James Bird Allen

James Bird Allen

James Bird Allen

17 November 1884 – 4 December 1963

James Bird Allen was born on 17 November 1884 in Smithfield, Cache County, Utah to James Valentine Allen and Mary Ann Fitzgerald. He was preceded by a sister, Ella and a brother, Lafayette; both of who died as infants. He also had three half sisters, Frances (who died as an infant), Amelia, and Minnie who were from his father's fist wife, Perina McCaslin Langley. Amelia, and Minnie were about fifteen years older than James. He did have two younger brothers, Brent and Cliff who were just younger than him and two more sisters, Georgia and Mary who both died as infants as well.

As a young man, James was a prankster and was always getting into mischief. On one occasion, he and his accomplices managed to put a buggy on top of a barn. In an effort to reform him, his parents encouraged him to serve a mission. He received his endowments in the Logan Temple on 11 April 1906 just prior to leaving for his mission in England. While in England, he and his companion boarded in the home of William and Ann Caroline Cushion who resided in Beccels, Suffolk County. Their daughter, Alice Isabel, was baptized in December 1907 but James was not involved in her conversion. Her mother, Caroline, and brother younger brother, Alick who was ten years old, were baptized in April 1908.

After being released from his mission on April 16, 1908, he was sent by his father to attend to some property that he had filed a homestead claim on which was located about three miles east of Burley, Idaho, in Cassia County. Burley was founded in 1905 when an irrigation protect was established. The new project opened up thousands of acres of rich, fertile farm ground.

Seven years after returning from his mission, he received a letter from Alice informing him that she was immigrating to the United States; Utah in particular. Shortly after her arrival in Salt Lake City in January 1915, he arranged to meet her and took her to his parents home in Smithfield. Even though he was not the same person that she had known as a missionary in England, they were married in Salt Lake City on 15 June 1915. Although James was not able to marry her in the temple, she received her endowments in the Logan Temple on 26 May 1915.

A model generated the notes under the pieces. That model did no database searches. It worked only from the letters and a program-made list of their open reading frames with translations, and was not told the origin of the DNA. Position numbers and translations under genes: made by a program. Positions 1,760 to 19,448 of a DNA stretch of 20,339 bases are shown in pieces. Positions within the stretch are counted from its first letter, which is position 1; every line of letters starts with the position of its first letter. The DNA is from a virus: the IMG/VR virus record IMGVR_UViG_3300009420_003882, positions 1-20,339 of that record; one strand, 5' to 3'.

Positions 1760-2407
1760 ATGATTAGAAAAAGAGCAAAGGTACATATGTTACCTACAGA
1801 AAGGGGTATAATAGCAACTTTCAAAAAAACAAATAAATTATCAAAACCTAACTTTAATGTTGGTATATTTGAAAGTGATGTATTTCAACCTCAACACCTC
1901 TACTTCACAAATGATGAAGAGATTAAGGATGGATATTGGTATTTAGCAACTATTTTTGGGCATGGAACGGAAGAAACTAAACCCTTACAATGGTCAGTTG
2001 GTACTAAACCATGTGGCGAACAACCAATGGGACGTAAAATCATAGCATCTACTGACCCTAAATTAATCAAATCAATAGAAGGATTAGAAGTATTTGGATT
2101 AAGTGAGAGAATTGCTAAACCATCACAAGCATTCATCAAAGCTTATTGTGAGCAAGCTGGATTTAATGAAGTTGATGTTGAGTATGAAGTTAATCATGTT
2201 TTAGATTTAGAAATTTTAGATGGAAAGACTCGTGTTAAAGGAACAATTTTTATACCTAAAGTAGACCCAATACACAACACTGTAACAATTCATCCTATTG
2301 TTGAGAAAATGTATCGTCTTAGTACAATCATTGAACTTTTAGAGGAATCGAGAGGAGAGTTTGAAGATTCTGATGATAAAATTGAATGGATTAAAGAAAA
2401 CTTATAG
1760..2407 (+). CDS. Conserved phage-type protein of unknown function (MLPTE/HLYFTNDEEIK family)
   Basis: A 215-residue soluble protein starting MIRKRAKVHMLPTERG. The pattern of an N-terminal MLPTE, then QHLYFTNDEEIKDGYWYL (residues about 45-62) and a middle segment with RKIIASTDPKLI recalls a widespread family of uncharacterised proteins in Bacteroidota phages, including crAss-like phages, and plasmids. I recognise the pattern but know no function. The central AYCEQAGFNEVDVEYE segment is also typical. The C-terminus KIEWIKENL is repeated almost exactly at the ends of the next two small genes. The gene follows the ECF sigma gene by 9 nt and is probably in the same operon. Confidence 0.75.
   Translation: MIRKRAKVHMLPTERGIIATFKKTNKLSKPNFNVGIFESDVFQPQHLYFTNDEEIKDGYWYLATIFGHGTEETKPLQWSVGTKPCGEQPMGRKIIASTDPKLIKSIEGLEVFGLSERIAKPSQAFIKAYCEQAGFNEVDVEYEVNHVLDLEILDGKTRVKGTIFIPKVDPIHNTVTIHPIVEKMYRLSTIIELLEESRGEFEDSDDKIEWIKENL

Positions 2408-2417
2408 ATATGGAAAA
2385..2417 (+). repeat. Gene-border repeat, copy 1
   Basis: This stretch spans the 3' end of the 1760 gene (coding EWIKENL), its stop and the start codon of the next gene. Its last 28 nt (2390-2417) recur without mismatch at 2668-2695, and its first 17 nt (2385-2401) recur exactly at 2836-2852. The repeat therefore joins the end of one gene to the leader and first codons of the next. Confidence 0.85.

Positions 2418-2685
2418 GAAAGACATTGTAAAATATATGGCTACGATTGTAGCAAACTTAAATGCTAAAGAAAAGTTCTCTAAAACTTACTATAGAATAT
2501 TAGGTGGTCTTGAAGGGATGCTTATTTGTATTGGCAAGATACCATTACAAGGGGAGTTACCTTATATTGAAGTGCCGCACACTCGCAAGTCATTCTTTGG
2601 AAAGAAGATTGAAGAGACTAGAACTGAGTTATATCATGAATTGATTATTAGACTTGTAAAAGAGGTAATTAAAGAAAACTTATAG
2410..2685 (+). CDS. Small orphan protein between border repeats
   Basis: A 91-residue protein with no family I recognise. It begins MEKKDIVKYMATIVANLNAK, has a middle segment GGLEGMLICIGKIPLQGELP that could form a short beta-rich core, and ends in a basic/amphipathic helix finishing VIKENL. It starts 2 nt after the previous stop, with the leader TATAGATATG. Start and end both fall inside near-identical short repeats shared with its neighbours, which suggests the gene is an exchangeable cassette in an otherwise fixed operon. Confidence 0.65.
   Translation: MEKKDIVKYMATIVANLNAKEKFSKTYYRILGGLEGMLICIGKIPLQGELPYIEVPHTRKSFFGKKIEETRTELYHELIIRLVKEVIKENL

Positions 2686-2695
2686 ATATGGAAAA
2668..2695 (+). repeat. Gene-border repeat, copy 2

After they were married he took Alice back to the farm in Burley. Their first daughter, Mabel was actually born in Smithfield on 7 April 1916. Their family grew rapidly with the the births of Lloyd Valentine on 17 August 1917, Wanda on 24 November 1918, and Alice on 1 June 1921. A daughter, Pert, was born 20 September 1922. Pert died on 11 May 1924, only three days after the birth of another daughter, Mona on 8 May 1924. Three more children were came into their family; James Bird, Jr on 28 December 1925, Charles Cushion on 14 June 1929 and Willard Dale on 29 May 1932. Charlie died on 18 July 1930.

The times in which James and Alice raised their family where difficult. Their home was small for seven children and had no electricity or running water. When the Eighteenth Amendment to the constitution of the United States which prohibited the sale, manufacture, and transportation of alcohol for consumption, was ratified, like many others during that time, James turned to making bootleg whiskey as way to supplement his income from the farm. He had a still set up in the potato cellar where he made whiskey from fermented wheat, colored with Carmel.

Being a bootlegger put him in company with individuals of ill-repute. One such shady character was Cassia County's own Diamondfield Jack who came to their home on one occasion. That visit made quite a stir at the Allen home. James bootlegging career came to an end when he was turned in by their neighbors, the Tilleys. No charges were brought against him and he didn't go to jail or have to pay a fine.